Every NBN 25 And 50 Plan You Can Land For Under $75 A Month

Every NBN 25 And 50 Plan You Can Land For Under $75 A Month
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Out of the five NBN speed tiers available in Australia, NBN 50 is the most popular, according to the ACCC. This is unsurprising considering that this speed tier balances speed and price, so you’ll never pay over $100 per month for your internet. But even within the NBN 50 speed tier, finding the cheapest plan can be a difficult task. There are so many internet service providers now with a large range of offers.

We’ve gone and sourced the cheapest NBN 50 and NBN 25 plans so you can avoid spending hours searching, and spend that time signing up for your new service instead.

These are the cheapest NBN 50 plans

As far as the cheapest NBN 50 plan goes, Tangerine is currently running an offer for new customers where you’ll pay $59.90 per month for the first six months, and then $79.90 per month thereafter.

After that, you’ve got Exetel, which is slightly more expensive initially at $60.99 per month for the first six months you’re with the provider. After that period ends, your bill will jump up to $78.99 per month, which is slightly cheaper than Tangerine’s full price NBN 50 plan. Exetel’s plan also includes five daily speed boosts each month. When activated, you’ll be able to bump up your connection speed to that of an NBN 100 plan for the duration. Not a bad choice if you need an extra burst of speed to download a chunky update or game.

Next up is SpinTel, which is offering NBN 50 for $64 per month for the first six months. After the introductory period is over, the per-month price will increase to $74.95, which is cheaper than both Tangerine and Exetel.

But if you want the cheapest long-term price, your best bet is Kogan. Its introductory offer is also cheaper, but it only lasts for the first three months of your connection as opposed to six, so you’ll only be paying the discount price of $58.90 per month for that initial period. This offer ends on March 3.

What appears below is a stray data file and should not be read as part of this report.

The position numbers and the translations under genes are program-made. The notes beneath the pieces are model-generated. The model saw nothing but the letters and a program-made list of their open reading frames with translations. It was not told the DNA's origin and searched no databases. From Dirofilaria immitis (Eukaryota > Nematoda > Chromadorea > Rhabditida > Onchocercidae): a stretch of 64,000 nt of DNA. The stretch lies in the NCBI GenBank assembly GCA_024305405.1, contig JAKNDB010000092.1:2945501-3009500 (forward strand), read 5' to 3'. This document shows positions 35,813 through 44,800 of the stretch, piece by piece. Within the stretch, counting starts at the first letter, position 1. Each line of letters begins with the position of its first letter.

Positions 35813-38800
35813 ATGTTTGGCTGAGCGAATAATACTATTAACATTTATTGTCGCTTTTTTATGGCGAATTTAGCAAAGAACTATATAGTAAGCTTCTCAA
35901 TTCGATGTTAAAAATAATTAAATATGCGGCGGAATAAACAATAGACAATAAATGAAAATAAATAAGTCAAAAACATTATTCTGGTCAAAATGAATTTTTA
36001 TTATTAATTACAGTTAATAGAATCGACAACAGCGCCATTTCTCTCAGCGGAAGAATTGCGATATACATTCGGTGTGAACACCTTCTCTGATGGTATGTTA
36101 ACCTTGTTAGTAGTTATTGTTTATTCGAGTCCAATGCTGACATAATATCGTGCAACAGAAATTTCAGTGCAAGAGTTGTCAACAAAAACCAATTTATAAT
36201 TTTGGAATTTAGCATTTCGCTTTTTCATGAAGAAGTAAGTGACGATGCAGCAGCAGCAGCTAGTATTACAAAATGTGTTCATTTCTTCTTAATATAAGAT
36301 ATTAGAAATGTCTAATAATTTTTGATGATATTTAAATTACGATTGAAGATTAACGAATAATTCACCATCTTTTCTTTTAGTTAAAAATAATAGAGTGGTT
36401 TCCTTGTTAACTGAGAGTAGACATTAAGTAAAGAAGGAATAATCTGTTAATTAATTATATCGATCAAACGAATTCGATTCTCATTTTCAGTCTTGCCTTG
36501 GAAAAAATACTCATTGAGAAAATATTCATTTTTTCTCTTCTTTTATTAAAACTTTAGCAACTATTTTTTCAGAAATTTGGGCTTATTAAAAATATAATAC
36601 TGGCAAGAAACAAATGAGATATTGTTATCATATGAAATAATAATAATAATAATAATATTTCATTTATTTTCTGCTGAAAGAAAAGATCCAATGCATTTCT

All of the aforementioned providers are currently reporting typical evening speeds of 50Mbps, making them ostensibly congestion-free.

These are the cheapest NBN 25 plans

When it comes to an NBN 25 connection, you’re pretty spoilt for choice when it comes to congestion-free speeds of 25Mbps. While these plans are good if you’re working to a budget – most sit around the $60 to $65 full-price mark – the trade-off is comparatively lower speeds.

If you’re the only person on your internet connection, you might be able to get by when playing online – although download times for massive files will take some time to complete. But things will get tricky if multiple people are vying for bandwidth.

While SpinTel does have the cheapest NBN 25 plan going – both with its introductory discount and at full price – its typical evening speeds top out at 20Mbps. It’s not a bad option if you want to keep your monthly plan under $55 per month.

If you’d prefer to get top speeds from an NBN 25 plan, you have Dodo, Exetel, Southern Phone and Tangerine to choose from.

Tangerine is currently running an offer for new customers where you’ll pay $46.90 per month for the first six months of your connection, and then $64.90 per month onwards.

Exetel also has a similar offer where the first six months of your plan will be billed at $53.99 per month, and then $64.99 per month thereafter. Unfortunately, Exetel’s speed boost offer isn’t available with its NBN 25 plan.

Meanwhile, Southern Phones‘ introductory offer runs for the first 12 months of your connection, instead of the standard six months most other providers have. That means you’ll be paying $55 per month for the first year you’re with the internet provider before it jumps up to $65 per month. You’ll manage to save $120 all up, which isn’t too shabby.

It’s worth noting that all of the aforementioned NBN 25 plans are contract-free as well.

If you don’t think an NBN 25 or NBN 50 connection will suit your needs, you can find the rest of Kotaku Australia’s NBN breakdowns here:

This article has been updated since its original publication.

Image credit: Doga Kobo/Crunchyroll